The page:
Effectively evaluating inmates who are interested in becoming classroom tutors or instructors is a challenging — but — essential task. This is because the health of your very classroom depends on finding the right fit, an inmate who is experienced enough to teach the subject at hand, motivated enough to continue putting in the time and effort day after day, and passionate enough to be patient with incarcerated students who might not be very accessible, friendly, or open to learning. You’re looking for a needle in a haystack. But with several concepts in mind and a roadmap in hand, this process can turn from a tumultuous experience to one of certainty and clarity.
What follows is that roadmap. These are some of the components you should consider when evaluating applicants for inmate instructor positions.
Prior Experience: In my mind, prior experience is the top selection criteria. Teaching in the prison context is not an easy task, and inmate learners are not always the most willing of students. As such, an experienced hand is usually best. If an inmate has had a positive prior teaching experience in the correctional setting, this person brings those prior skills with them to the table. Likewise, those who have taught outside of prison are a tremendous resource since most people don’t go into the teaching profession for the money. As such, they likely had, and might still possess, a passion for teaching. This can only be a plus for your classroom.
Academic Achievement: For those with no prior experience teaching, but with prior academic experience or professional training, teaching might be a good fit. This is because those who have gone through substantial time in the classroom often bring real understanding about learning. They will certainly have the intelligence to be an inmate tutor. Don’t discount such candidates as “overqualified” and don’t allow a graduate degree to threaten you. Qualified inmate tutors can only improve the classroom experience of your students. And since they will have the air of one who is accomplished, your incarcerated students will take stock in their experience. They effectively become emissaries of learning.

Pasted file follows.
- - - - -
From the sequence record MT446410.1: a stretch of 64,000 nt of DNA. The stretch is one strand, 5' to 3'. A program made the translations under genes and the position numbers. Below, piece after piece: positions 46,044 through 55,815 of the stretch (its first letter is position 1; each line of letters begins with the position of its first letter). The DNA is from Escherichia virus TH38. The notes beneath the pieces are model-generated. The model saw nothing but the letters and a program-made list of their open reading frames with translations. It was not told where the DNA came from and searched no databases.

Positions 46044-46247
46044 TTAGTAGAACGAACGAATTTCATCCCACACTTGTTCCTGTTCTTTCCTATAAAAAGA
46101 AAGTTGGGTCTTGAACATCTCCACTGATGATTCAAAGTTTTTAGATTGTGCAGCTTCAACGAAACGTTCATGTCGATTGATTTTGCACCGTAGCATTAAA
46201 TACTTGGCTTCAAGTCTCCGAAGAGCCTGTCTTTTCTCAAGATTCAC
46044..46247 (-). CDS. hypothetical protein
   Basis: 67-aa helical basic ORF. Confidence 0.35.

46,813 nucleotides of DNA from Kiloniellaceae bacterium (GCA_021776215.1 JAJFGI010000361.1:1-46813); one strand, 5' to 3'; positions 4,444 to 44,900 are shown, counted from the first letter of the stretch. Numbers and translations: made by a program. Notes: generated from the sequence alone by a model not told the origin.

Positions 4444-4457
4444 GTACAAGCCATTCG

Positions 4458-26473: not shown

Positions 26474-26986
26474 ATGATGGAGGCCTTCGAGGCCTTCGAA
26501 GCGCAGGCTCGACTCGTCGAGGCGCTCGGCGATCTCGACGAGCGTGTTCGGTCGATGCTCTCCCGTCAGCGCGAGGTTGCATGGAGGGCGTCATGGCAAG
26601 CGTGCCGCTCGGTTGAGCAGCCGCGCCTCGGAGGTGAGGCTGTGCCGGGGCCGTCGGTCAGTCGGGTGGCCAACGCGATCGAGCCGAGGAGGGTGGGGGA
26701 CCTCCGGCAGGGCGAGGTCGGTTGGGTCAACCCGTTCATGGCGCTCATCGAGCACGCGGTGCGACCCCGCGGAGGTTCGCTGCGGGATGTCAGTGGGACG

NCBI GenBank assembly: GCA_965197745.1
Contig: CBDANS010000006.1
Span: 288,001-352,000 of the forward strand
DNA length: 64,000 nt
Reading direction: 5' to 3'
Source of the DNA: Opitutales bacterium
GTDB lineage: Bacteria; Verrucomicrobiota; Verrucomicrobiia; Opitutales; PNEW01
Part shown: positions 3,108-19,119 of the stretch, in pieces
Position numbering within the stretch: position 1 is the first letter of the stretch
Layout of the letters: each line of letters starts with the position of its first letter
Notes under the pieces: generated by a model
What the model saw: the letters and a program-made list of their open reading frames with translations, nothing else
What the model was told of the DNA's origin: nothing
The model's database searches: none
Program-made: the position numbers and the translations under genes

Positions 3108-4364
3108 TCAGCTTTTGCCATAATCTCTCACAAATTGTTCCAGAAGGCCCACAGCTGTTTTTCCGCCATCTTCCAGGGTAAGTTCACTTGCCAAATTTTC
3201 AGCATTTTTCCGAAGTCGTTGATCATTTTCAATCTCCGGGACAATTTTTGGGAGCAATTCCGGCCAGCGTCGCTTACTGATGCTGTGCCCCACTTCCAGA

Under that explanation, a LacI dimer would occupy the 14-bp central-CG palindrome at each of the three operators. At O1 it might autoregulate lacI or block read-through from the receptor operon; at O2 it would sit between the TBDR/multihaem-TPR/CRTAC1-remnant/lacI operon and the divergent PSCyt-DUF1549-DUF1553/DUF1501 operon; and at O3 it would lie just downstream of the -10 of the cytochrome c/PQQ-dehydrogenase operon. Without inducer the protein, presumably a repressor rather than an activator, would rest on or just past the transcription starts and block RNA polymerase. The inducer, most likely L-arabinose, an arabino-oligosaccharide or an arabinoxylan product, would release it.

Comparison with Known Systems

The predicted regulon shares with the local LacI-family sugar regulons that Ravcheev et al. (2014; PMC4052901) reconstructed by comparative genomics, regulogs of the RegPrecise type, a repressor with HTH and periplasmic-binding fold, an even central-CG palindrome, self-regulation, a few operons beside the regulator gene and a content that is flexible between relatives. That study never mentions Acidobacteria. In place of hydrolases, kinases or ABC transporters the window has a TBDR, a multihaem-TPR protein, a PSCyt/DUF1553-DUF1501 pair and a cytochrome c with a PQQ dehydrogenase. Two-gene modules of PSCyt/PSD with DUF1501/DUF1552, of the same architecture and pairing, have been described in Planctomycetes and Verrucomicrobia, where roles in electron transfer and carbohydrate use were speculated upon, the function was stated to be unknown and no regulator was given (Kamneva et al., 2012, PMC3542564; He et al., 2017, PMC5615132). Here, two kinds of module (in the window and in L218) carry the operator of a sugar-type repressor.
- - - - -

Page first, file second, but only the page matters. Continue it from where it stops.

Actual Teaching Abilities: Some might say that this doesn’t need to be said, but testing applicants is a must. There will always be inmates who apply to be tutors, but can’t do the work, much less teach the subject. Just because someone passed the GED does not mean that they understand mathematics, writing, or reading comprehension enough to teach GED or pre-GED classes. Test your applicants. This can be done with TABE tests, pre-GED tests, or even SAT practice tests. Find a way to evaluate their subject matter mastery prior to asking your students to put their trust and faith in them. The job of teaching in prison is too important not to do so.
Motivation: I tend to put a lot of stock into people’s motivations. If someone comes to me and is sincere, I’ll give them a fair shot regardless of whether they have the necessary academic credentials or work experience or not. But I certainly won’t allow someone to harm my projects or negatively affect my classroom ambience. It can never hurt to ask applicants why they are applying; if they have a good enough reason, and you feel that it is sincere, they very well might produce the drive necessary to become terrific inmate instructors. Whenever I hear someone say that they want to make a difference or think that they can help their fellow inmates, my interest is piqued.
Length of Time: This is often the last factor which I take into account, but it is an important one. In my mind, it’s critical to only hire someone who will be around long enough to become a staple in the classroom, and be worth the effort of training. An inmate who has 90 days until their release is not a good candidate since most of their students will not attain GED completion by then and you’ll simply be left needing to find a new inmate tutor to take their place. On the other hand, an inmate with 5, 10, or 15 years to go can help countless incarcerated students during his time in prison. An inmate with a significant amount of time remaining in their sentence can be an asset for many years and can tutor hundreds, if not thousands, of incarcerated students.
You can never be certain when retaining an inmate for an instructor position. In the world outside of prison, you have tools to help with hiring decisions. But in prison, there are no resumes or references. There is just the inmate in front of you who is asking for a specific work detail. Even though you are at a loss because of a lack of traditional hiring tools, by taking into account the above components, a good fit can be found and your classroom can be the better because of it.